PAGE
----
Purbeck – Land of Condiments

Discover Your Foraging Roots with James Warren

The Salt Pig, Wareham, & The Salt Pig Too, Swanage

James Warren

Foraging was once commonplace. Children snacked on shoots of hawthorn (bread and butter) on their way to school, grocer’s shelves and stallholder’s tables were full of samphire, king henry, crab-apples and sea kale.

Poverty and the opportunity to generate an income from free produce were often driving forces but post second world war intensive farming methods made vegetables more affordable and accessible, so the knowledge and desire for hedgerow food slowly disappeared.

Foraging has returned in the last decade, at first through chef’s desires for new and interesting flavours, and more recently because eastern and southern Europeans have brought with them knowledge we almost lost forever. The odd recession, also, might just give us all the push we need to discover our foraging roots.

The first and most important rule of foraging for the kitchen is to only pick and eat plants you’re sure you can identify. There are lots of helpful books and it’s a good idea to refer to more than one because descriptions vary.

In this article, I have stuck to plants that don’t have dangerous look-alikes and are plentiful and locally abundant. Remember, finding them alone is all part of the fun whether you take them home or not.


Alexanders smyrnium olustratum

It’s late winter but the Alexander is still abundant

Brought here by the Romans as a pot herb from the Mediterranean, it quickly became naturalized and grows prolifically where found. The leaves can be used in salads or blanched like spinach. The base of the thick main stem is already naturally blanched; cook as you would asparagus and served with melted butter. It is one of the first annual greens to show in spring, their yellow flower buds appearing early.








Chives allium schoenoprrasum

Everyone knows chives, an old yet still popular native, grown commercially and sold in supermarkets, but I bet you drive past loads of it on your way to buy it! Most chives are the domesticated variety gone wild, which has fleshier leaves than the spindly native – which is a protected species. Be careful, know your chives.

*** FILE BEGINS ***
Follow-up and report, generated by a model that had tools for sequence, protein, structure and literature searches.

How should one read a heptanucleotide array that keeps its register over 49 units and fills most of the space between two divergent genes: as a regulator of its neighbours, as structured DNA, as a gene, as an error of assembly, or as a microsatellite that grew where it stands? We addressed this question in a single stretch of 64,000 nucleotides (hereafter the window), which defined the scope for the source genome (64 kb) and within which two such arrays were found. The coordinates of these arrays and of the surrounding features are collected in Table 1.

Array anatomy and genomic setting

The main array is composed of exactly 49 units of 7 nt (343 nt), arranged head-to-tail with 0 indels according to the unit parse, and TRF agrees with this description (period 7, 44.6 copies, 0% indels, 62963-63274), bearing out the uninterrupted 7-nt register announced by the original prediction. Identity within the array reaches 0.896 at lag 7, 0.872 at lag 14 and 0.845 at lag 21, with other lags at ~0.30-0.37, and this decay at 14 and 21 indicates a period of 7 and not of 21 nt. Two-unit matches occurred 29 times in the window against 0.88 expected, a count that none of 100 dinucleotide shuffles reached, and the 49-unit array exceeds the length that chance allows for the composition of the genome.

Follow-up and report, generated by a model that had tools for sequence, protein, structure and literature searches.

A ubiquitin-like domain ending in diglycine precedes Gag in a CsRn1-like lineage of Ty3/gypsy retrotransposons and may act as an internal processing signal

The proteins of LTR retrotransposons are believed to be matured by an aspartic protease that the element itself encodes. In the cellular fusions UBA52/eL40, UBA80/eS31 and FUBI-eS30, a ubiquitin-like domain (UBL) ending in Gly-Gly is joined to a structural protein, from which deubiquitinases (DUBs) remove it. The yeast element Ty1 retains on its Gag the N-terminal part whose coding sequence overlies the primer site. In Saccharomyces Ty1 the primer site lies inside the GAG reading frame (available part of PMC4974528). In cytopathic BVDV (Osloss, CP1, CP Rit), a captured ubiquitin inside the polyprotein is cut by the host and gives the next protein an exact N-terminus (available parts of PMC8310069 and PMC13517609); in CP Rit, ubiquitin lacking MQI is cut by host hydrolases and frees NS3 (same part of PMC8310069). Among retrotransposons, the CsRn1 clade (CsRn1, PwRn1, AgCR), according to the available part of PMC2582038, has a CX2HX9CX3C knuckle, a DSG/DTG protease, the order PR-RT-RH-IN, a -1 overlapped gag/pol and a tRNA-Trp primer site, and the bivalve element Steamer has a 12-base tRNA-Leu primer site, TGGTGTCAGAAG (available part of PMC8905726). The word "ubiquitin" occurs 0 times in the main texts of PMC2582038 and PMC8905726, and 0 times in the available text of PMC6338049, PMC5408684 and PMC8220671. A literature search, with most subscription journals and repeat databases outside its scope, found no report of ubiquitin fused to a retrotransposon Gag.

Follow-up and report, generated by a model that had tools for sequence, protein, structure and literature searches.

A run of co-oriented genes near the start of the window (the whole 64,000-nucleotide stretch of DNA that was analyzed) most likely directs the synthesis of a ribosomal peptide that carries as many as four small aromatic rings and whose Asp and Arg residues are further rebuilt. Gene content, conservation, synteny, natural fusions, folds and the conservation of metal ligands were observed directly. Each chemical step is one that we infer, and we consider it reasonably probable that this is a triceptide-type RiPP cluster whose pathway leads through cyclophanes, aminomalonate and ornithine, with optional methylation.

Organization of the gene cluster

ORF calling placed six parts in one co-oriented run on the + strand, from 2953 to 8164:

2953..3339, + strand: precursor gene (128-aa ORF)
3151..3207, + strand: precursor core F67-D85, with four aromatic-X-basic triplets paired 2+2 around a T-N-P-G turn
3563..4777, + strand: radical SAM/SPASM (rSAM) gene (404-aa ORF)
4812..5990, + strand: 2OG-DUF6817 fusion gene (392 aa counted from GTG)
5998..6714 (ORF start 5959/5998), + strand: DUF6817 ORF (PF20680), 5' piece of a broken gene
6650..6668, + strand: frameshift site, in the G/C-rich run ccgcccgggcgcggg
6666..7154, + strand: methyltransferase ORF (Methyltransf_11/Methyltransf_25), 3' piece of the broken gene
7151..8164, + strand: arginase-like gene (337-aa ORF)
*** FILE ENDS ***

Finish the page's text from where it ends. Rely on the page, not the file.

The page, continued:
Thyme thymus druccei

Wild thyme

Wild Thyme is much milder than its kitchen cousin so, against the norm, it is best picked when in flower; their scent adds not only to the taste but great flecks of colour to your dish. Looks and tastes great in salads. Often hard to find but when in flower butterflies cover the bush, lapping up the honey scented nectar.


James examines a clump of wild thyme







Rock samphire crithmum maritimum

James harvesting rock samphire by the sea

A cousin of the once again popular marsh samphire, it grows most commonly on our rocky shores and cliffs. In some areas further west they once abseiled the sheer cliffs, gathering it for sale at the city markets. Collect only the bright green, fresh-looking parts, discarding any yellowing bits, boil for roughly ten minutes and serve with melted butter and plenty of black pepper.








Sea kale



Goose grass

Goose grass gallium aparine

This is the least seasonally dependent of all our wild greens; even in the depths of winter, with snow on the ground, you can find this plant growing somewhere in the hedgerow. Although it would be hard to describe it as delicious, it is a fair addition to the diet when fresh greens are hard to come by, and as it’s high in vitamin C, it’s probably better for you than anything from the supermarket. It might be best not tell the family its lesser known common name – Sticky Willy.





Ramsons Allium ursinum

Young wild garlic

Commonly known as wild garlic, ramsons are easily the most abundant wild forage crop. This relative of the chive carpets large areas, first with its wide green leaves and later small white flowers , at which time you may often smell the wild garlic before you see it.

Both leaves and flowers are good in salads and can also be added to cooked greens to add a mild garlic-onion flavour. More fun, though, is to dig up the tuberous roots and use them; they are stronger in flavour than the leaves and work well with fresh tomatoes or stuffed into a joint of local lamb.



This is just a handful of the wild food growing in Purbeck. Try a little foraging for a taste of the wild side but please, only take what you need for that day and very little in proportion to what’s there. Then it will continue to thrive.

James Warren harvesting young ramsons, or wild garlic, late winter